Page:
Baseball players have been known to spit out some choice verbs along with their tobacco juice, but the fans don't generally hear them. Golf galleries are more intimate. They also are more country club and expect country club etiquette.
Some of the younger players whisper that some of their elders are a bit priggish. "They are," said Jim Colbert, who is 41 and a member of the tour's policy board. "I guess I shouldn't have said that."
Curtis Strange, who was involved in two incidents at the Bay Hill Classic, says people are overreacting to Palmer's letter because Palmer wrote it.
But some of the game's elder statesmen grumble that the young fellows play too slow, party too little and expect too much. "They're all out there for the almighty dollar," said Jimmy Demaret, the three-time Masters winner, who will be 72 Monday. "They come out of college and say, 'Where's my agent, my make-up man, my lawyer and my golf course?' Something's got to be done.
"Most of us came out of the caddy ranks. "We learned how to say, 'yes sir' and 'no sir.' "
Many seniors say they hear complaints from people paying up to $1,000-1,500 to participate in pro-ams. The complainers say some young players are grouchy, grumpy and uncommunicative. Pro-ams generate on the average $200,000 a week. Charlie Sifford, who was the first black on tour, says many of the amateurs would rather play with the seniors: "One guy told me, 'We went 18 holes and the player never said, "good shot" or "the ball is going to break this way." ' I think they're going to have trouble getting amateurs to play. Without pro-ams, we're going to be hurting for money."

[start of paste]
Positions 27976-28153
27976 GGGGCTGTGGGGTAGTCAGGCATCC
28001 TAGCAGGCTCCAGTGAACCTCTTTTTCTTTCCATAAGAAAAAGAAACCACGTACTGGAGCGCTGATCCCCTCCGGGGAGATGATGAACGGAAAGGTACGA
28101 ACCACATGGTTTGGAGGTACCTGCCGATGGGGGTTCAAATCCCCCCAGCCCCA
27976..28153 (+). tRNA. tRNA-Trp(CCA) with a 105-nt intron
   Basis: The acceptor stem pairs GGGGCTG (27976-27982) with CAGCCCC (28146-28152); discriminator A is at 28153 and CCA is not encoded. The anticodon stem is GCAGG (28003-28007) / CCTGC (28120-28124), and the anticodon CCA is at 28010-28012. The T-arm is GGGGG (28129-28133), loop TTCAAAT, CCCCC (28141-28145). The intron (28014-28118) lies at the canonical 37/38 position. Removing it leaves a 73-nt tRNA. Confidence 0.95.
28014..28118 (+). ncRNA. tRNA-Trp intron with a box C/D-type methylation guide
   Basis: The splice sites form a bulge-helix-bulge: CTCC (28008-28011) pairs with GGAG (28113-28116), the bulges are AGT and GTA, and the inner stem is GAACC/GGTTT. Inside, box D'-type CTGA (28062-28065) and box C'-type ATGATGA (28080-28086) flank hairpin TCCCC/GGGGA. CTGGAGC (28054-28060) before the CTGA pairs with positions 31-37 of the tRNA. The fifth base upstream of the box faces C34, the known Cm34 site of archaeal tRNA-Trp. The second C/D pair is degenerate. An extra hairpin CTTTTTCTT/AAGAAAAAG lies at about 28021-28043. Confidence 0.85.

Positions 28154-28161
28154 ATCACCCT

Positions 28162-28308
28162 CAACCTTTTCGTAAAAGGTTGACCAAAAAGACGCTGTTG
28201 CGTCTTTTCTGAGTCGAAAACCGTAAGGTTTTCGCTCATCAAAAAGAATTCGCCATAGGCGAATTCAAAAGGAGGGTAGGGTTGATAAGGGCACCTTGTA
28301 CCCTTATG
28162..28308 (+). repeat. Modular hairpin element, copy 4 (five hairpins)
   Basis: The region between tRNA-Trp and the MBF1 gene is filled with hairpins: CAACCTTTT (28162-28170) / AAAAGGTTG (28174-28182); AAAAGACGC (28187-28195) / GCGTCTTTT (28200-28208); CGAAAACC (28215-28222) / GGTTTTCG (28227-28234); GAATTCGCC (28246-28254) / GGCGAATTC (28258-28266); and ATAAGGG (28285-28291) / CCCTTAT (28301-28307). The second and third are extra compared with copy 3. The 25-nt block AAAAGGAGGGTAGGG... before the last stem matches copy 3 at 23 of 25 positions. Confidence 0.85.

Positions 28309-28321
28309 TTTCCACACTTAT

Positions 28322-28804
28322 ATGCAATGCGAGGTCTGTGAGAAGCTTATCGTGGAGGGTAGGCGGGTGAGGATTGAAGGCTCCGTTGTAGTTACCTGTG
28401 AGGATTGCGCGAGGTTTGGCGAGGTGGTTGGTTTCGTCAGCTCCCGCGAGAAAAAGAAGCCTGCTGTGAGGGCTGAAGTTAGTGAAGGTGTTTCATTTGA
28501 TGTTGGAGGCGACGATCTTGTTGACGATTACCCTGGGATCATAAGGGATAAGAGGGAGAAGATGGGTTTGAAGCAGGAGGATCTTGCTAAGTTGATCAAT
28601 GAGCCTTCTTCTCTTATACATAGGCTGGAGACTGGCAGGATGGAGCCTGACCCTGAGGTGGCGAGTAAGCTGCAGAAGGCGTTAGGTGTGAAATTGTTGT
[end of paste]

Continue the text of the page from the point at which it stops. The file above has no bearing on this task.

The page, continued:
Beman doubts that. He says the problem is not widespread. Still, the PGA is considering changing the method of determining which pros play in the pro-am. Under the current format, the top 42 money winners in the tournament that week are required to play.
Golf always was a mannerly game and, perhaps because of that, the mercenary and sometimes merciless attitudes the elders observe are more jarring to them.
What's wrong with the game? "Money, sweetheart, money," said Tommy Bolt, the winner of the 1958 U.S. Open who is 64 and still ornery.
Can you spell that out?
"Too much pressure, too much money," Sarazen said. There is $14.7 million in prize money this year, to be precise.
"With a $2 nassau, you don't care much," said Snead, who still cares at age 69. "Now if it's $5,000, you're watching to see if the fella's moving the ball. You're looking for every little thing that might put a foot on them. It ceases to be fun."